Afghan appeals court upholds 20-year sentences for publishers of translated Quran
By RAHIM FAIEZ and HEIDI VOGT Associated Press Writer
KABUL February 15, 2009 (AP)
The Associated Press
An appeals court in Afghanistan upheld 20-year prison sentences for two men who published a translation of the Quran that drove religious leaders to call for their execution.
(HH here: excuse me, but didn’t NATO “assist” in setting up the new Constitution there? Graves from Voltaire to Jefferson must be burning from the friction.)
A high percentage of schools in the war-torn country are being rebuilt. The panel ruled Sunday that the men were guilty of modifying the Quran — a crime punishable by death. However, the three-judge panel reiterated a lower court ruling giving the men 20 years each.
The controversial text is a translation of Islam’s holy book into an Afghan language without the original Arabic verses alongside. Muslims regard the Arabic Quran as words given directly by God. A translation is not considered a Quran itself, and it is believed that a mistranslation could warp God’s word.
A host of Muslim clerics in this conservative Islamic state have condemned the translation — which was published in 2007 and handed out for free — as blasphemous and accused its publishers of setting themselves up as false prophets.
(HH again: as I have followed this story not once has there been any explanation of a particular verse that has been found to be false. The conflict seems to be simply that the Arabic original was not included. The original is seen as the sacred words of God and to exist in Heaven on a real tablet…in Arabic. I imagine the fear of the clerics is that if it becomes common for the Arabic to be omitted people MIGHT try to reinterpret certain verses and the masses would not be able to compare to the original. 20 years? Lucky not to be dead? Is it just me or does this seem a tad harsh?)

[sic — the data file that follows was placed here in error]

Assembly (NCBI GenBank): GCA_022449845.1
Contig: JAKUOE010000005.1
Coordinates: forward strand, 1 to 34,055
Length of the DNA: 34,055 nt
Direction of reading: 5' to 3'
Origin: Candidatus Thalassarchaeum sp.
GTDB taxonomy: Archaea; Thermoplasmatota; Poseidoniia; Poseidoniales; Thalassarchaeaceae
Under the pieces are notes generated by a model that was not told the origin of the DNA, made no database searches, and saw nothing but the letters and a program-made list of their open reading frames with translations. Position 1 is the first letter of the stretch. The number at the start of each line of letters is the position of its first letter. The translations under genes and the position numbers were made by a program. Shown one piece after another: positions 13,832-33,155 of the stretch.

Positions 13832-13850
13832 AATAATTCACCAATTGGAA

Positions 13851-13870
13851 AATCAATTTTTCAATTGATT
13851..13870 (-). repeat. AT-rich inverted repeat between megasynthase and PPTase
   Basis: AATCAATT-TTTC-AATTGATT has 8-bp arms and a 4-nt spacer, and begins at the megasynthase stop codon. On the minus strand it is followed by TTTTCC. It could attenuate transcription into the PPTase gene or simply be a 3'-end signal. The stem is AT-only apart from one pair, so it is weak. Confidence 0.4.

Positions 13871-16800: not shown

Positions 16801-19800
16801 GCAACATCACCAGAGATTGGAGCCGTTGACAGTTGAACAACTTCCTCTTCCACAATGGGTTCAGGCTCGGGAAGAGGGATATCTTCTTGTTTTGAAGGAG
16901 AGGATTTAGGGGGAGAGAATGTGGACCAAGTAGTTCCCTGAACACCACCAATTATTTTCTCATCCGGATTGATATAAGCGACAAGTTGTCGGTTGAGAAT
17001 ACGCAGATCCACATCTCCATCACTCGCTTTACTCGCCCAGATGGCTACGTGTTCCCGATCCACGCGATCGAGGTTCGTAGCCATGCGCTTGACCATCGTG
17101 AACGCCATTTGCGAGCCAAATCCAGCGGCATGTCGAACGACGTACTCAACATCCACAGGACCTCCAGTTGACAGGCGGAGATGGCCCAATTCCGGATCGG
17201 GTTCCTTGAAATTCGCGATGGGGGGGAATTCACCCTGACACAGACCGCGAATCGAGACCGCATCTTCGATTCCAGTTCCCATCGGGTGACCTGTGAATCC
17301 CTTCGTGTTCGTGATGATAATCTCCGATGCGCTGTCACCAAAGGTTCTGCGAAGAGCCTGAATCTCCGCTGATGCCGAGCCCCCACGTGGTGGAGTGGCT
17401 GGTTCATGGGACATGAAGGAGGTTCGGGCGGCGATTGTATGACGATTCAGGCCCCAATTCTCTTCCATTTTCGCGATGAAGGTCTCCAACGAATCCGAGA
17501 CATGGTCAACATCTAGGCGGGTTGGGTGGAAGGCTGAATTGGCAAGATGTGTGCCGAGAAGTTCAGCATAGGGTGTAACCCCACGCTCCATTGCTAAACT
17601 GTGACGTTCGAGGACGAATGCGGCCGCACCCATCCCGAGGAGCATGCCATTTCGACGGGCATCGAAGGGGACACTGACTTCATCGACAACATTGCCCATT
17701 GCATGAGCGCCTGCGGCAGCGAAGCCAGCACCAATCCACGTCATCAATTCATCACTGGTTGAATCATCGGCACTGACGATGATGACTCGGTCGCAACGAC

Critics have said the trial illustrates the undue influence of hard-line clerics in Afghanistan’s fledgling legal system.
Chief judge Abdul Salam Qazizada invoked Islamic Shariah law when reading out the sentence, saying death would not have been an extreme punishment.
“He who commits such an act is an infidel and should be killed” according to some interpretations of Shariah law, Qazizada said.
Qazizada did not explain why they didn’t issue a harsher verdict.
Zalmai’s lawyer, Abdul Qawi Afzeli, said both men plan to appeal again, pushing the case the Supreme Court.
(HH: lets hope they show a bit more restraint.)
The appeals court reduced the sentence of the owner of the print shop that published the book to 15 months, which he has already served, from five years. Three other men charged with trying to help Zalmai flee the country were sentenced to just over seven months, also time already served.
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